‘The Ceremony and the Spirit’ by Roe Ethridge & Zin Taylor
at La Loge, Brussels
16 November 2012 - 26 January 2013
Review by Evelyn Simons
La Loge, an unconventional artistic platform that opened in September in a former freemason’s temple in Ixelles, currently hosts ‘The Ceremony and the Spirit’. The title of the exhibition was the starting point for a site-specific artistic dialogue between American photographer Roe Ethridge (°1969) and Belgium-based Canadian artist Zin Taylor (°1978) within the building’s exceptional architecture.
Designed by Fernand Bodson and Louis Van Hooveld and built in 1934-35, the temple is characterised by its modernist architecture, a feature that normally wouldn’t suit the typical Egyptian-inspired Masonic houses. The standard symbols are still present, but in a purified form, pared down to its essentials. As a gallery, La Loge invites contemporary artists to enter into dialogue with the building and its history. The artworks created find their raison d’être in the specificity of La Loge. In ‘The Ceremony and The Spirit’, La Loge is conceived as a kind of client, being ‘promoted’ or ‘advertised’ by Taylor and Ethridge, who are working on commission. The triangular relation between La Loge, Zin Taylor and Roe Ethridge takes shape in the three steps of creation: the site-specific commission, the ceremonial object and the photograph that reveals the ‘spirit’.
Zin Taylor, generally referred to as a ‘narrator of forms’, is an artist who works beyond the boundaries of the traditionally outlined art disciplines. Seemingly random, he places objects familiar to our collective memory in a new context, thus playing with our expectations and the absence of their original purpose. Roe Ethridge, well-known for his advertorial works in the fashion scene, is used to working on commission. In his own initiatives, he crosses the spectrum of photographic genres and creates portraits as well as landscapes and still lives. His straightforward visual language is the link that combines the large array of diverse subjects. The inspiration comes to both artists in a similar, arbitrary manner; Taylor’s objects and Ethridge’s subjects aren’t chosen deliberately, but afterwards do gain their meaning in a broader context.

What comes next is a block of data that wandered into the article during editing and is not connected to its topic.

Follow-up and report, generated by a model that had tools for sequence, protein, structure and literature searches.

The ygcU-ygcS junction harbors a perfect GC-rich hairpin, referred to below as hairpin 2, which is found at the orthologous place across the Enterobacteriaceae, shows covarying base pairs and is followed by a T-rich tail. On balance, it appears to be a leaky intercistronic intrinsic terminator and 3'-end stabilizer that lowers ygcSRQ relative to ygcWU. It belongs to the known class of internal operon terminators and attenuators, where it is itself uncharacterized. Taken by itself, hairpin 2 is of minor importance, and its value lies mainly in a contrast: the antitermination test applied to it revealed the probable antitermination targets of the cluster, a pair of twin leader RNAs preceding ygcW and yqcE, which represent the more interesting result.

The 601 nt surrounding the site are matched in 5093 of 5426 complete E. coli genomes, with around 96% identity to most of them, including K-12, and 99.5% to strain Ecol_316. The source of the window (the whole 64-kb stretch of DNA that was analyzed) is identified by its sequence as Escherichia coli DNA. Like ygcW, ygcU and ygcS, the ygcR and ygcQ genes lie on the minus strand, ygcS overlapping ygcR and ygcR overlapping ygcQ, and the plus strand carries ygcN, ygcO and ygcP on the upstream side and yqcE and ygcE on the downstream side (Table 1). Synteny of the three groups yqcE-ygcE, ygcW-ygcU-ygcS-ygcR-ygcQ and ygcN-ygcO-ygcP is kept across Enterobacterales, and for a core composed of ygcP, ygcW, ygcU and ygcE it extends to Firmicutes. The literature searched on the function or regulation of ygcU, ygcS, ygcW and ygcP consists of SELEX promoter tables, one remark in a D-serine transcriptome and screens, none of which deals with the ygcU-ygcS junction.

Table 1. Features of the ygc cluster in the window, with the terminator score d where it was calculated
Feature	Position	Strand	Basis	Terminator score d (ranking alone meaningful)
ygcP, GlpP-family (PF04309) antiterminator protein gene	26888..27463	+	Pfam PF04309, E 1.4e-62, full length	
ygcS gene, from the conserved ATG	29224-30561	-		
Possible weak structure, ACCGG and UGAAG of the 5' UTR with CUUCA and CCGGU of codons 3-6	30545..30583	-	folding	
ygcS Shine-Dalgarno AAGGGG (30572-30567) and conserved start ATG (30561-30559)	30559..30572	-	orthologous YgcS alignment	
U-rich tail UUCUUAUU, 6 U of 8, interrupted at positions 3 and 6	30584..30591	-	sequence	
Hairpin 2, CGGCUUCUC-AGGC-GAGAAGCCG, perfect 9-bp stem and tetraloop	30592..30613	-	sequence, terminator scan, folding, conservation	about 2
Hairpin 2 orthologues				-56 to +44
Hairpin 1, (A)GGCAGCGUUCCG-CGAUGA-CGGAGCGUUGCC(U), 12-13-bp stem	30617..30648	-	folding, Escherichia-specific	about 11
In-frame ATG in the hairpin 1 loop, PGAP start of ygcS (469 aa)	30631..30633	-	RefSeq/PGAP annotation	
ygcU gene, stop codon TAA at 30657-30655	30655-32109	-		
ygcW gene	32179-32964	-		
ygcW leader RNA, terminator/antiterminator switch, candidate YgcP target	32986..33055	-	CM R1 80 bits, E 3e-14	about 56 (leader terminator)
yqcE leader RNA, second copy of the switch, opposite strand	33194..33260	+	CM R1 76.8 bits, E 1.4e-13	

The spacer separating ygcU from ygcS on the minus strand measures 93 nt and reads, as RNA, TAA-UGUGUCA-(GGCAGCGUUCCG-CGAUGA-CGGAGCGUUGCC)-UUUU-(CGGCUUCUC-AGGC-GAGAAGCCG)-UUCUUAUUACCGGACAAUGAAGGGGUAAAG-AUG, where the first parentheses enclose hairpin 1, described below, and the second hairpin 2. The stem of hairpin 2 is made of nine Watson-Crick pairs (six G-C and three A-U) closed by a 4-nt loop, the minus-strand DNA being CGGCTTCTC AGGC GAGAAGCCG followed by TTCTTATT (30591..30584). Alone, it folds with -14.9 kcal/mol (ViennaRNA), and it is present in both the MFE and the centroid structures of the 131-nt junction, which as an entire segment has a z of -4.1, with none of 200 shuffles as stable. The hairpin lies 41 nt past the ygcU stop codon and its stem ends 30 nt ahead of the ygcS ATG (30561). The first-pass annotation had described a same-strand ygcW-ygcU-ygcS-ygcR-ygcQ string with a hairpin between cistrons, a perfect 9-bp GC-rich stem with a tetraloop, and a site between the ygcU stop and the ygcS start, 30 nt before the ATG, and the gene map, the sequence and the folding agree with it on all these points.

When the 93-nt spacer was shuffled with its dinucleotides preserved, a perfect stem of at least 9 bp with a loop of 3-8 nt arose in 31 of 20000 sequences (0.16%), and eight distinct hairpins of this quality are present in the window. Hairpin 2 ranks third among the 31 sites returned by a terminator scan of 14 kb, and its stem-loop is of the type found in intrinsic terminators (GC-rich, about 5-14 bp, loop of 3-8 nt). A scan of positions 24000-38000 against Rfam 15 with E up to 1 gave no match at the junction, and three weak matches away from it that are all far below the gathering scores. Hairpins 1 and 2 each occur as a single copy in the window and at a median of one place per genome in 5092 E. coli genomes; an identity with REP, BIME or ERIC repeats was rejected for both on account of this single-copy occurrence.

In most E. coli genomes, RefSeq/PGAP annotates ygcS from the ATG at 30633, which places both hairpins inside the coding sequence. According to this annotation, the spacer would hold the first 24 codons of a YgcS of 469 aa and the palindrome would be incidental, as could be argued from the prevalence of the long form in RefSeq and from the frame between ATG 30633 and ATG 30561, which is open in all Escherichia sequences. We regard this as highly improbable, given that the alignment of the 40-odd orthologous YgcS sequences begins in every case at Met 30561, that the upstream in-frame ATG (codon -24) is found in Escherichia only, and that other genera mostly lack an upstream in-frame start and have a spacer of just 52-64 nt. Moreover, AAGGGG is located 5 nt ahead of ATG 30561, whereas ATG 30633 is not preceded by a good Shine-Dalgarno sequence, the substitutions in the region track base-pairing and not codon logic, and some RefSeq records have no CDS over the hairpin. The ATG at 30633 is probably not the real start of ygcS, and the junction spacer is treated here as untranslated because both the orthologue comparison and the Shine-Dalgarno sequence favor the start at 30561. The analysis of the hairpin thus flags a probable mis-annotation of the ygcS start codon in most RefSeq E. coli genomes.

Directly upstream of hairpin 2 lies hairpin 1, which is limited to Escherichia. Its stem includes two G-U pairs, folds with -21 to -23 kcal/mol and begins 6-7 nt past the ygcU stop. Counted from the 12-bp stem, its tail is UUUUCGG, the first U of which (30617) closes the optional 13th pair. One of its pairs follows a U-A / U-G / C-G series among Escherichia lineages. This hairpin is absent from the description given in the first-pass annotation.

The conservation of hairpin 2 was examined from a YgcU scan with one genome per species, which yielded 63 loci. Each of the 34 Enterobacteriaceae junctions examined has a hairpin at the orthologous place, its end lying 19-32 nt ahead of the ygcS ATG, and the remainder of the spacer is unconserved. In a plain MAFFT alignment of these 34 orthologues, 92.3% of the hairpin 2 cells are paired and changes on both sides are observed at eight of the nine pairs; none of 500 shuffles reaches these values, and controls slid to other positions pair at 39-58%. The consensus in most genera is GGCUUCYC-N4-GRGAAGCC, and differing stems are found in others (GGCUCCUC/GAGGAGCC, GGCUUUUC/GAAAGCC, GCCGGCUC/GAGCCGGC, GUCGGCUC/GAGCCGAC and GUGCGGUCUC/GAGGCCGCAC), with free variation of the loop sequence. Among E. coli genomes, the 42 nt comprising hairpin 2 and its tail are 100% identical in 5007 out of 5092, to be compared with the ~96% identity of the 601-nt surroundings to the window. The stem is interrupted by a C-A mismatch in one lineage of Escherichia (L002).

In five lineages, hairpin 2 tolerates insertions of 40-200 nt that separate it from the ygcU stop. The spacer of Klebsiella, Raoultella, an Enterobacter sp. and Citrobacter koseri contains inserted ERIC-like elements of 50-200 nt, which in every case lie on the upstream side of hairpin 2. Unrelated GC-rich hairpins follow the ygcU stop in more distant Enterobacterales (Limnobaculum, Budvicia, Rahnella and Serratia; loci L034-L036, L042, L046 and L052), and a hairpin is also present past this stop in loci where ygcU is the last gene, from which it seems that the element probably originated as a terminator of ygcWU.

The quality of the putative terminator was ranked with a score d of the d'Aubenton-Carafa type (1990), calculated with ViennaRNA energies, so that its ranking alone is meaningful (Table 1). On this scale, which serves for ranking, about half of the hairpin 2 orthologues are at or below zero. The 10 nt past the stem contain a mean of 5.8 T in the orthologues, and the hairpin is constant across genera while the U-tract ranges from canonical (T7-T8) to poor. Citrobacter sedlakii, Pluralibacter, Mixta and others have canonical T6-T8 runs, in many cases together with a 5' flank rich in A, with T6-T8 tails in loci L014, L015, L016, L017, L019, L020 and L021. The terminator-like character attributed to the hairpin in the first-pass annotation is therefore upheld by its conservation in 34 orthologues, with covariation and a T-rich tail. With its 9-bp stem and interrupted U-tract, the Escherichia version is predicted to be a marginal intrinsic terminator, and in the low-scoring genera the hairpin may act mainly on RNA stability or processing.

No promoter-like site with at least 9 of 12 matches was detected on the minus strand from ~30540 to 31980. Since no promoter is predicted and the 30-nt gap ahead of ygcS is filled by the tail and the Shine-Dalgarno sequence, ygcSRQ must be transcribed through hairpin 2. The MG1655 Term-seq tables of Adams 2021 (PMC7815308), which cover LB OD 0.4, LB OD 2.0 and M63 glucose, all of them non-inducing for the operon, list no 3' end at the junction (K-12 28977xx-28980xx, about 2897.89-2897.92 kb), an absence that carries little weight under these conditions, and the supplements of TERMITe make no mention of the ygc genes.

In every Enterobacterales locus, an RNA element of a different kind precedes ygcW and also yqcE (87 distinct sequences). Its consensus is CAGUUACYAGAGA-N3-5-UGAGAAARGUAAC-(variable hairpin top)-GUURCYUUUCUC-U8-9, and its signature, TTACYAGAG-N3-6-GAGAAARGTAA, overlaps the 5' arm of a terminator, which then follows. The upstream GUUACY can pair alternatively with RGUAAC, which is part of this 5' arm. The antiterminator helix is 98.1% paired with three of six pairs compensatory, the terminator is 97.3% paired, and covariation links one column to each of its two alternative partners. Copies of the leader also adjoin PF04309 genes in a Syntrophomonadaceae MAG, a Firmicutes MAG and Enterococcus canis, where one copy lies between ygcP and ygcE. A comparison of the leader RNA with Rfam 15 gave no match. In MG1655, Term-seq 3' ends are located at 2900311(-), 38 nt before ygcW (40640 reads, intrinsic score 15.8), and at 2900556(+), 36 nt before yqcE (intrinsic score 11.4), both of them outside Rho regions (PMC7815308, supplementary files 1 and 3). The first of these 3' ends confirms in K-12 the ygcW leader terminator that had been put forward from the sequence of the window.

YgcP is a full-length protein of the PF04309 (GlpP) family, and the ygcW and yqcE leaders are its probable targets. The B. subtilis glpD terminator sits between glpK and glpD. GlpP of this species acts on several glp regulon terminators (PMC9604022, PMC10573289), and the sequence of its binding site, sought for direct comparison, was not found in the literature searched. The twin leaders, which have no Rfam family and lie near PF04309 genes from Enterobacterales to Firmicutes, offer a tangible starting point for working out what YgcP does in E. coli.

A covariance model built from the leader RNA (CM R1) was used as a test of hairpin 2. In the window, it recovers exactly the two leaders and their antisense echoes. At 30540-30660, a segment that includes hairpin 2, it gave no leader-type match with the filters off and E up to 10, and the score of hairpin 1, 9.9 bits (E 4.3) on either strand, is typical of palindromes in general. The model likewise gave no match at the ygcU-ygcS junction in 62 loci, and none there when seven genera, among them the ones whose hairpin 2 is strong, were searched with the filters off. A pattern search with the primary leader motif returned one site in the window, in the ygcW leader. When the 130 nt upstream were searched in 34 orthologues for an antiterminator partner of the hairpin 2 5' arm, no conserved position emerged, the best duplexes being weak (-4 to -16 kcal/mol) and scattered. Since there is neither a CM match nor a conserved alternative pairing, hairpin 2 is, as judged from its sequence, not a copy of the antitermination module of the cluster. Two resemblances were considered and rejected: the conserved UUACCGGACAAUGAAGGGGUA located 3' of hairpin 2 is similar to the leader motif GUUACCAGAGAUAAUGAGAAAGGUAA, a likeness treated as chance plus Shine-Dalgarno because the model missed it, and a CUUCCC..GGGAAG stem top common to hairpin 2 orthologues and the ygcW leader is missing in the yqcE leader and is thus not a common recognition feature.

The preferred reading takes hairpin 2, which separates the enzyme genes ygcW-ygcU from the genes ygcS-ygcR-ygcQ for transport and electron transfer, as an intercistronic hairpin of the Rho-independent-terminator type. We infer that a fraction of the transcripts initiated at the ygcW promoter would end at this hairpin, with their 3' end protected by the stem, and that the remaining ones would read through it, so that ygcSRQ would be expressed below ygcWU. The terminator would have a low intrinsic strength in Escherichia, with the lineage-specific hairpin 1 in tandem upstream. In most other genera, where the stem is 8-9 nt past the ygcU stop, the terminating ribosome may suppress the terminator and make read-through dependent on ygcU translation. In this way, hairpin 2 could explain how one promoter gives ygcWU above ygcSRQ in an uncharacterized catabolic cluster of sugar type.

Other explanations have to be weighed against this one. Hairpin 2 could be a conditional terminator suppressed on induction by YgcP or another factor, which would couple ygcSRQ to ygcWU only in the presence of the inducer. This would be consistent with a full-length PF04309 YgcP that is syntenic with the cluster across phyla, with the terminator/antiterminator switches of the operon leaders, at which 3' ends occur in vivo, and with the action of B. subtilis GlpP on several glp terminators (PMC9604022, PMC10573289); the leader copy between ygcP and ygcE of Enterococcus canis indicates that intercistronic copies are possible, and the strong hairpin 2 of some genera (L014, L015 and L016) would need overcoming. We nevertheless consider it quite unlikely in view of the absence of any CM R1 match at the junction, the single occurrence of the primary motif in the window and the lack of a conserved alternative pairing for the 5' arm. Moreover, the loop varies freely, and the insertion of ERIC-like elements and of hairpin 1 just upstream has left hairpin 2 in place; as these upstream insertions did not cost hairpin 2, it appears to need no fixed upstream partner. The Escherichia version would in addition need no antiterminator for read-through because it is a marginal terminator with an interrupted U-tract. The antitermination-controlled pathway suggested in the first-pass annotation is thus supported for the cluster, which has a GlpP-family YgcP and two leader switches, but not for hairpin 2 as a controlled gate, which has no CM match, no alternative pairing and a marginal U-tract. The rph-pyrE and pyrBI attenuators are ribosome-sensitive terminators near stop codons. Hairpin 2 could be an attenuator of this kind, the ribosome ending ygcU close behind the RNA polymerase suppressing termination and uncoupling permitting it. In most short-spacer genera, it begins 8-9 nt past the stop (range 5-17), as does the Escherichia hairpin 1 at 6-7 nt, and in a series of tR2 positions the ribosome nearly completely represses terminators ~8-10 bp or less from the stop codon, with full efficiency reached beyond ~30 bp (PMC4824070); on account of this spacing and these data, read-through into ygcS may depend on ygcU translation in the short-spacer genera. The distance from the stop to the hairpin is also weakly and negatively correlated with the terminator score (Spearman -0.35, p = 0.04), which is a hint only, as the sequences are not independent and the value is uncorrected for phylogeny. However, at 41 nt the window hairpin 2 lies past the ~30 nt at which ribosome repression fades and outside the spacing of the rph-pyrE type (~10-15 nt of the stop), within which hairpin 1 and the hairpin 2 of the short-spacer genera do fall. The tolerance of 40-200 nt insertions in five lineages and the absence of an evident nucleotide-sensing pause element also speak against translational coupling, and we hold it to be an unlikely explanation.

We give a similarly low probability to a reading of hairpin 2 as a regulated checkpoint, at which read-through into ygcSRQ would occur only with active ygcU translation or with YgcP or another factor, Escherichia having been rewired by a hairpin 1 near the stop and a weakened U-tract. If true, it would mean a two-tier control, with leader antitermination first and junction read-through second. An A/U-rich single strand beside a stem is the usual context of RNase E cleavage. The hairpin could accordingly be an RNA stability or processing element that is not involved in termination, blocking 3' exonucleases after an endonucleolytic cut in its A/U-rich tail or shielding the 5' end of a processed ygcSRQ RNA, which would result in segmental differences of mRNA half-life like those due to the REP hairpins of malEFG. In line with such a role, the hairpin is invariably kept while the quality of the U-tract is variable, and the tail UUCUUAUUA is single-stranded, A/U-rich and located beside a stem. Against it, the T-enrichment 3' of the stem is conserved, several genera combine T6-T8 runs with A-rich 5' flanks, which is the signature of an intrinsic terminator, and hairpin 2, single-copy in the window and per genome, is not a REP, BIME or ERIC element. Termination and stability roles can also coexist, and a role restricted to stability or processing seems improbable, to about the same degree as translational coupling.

Months of email traffic between the two artists constitute the largest part of the creative process of the artistic dialogue that is ‘The Ceremony and The Spirit’. Since Ethridge and Taylor have known each other for a while, the collaboration went naturally. Taking the title as starting point, Taylor created ceremonial objects (the ‘Ceremony’), a reference to the ritual character of the freemasonry, which were then infused with a soul (the ‘Spirit’) by Ethridge.
Instead of paying a tribute to the building’s historical significance, they play with the ceremonious and ritualistic notions that characterize the Masonic practices. The hexagram for example, Star of David and symbol for the temple of King Solomon is indispensible in the freemason’s symbolism and is depicted in the building in the form of a grid in the wall of the main hall. Behind the grid runs a corridor which makes it possible for outsiders to oversee the ritual practices in the main hall of the temple. Taylor and Ethridge took the symbol, but only to work with its stylistic and geometrical features as a leitmotif. The antechamber is conceived as a ritual bath, overprinted with the hexagram as an indoctrinating experience, immersing any visitor entering the exhibition. The main hall is taken up by what can be seen as a mood board, a snapshot in the discussion between Ethridge and Taylor. Ethridge’s photos are displayed among coloured interpretations of the hexagram. At the end of the hall, Taylor’s objects stand on a stage, exploring the tension between their sobriety and the exalted pedestal on which they are placed. The photographs by Ethridge capture these objects almost like a portrait in a very straightforward manner, which gives us an insight into their very existence, into their ‘spirit’.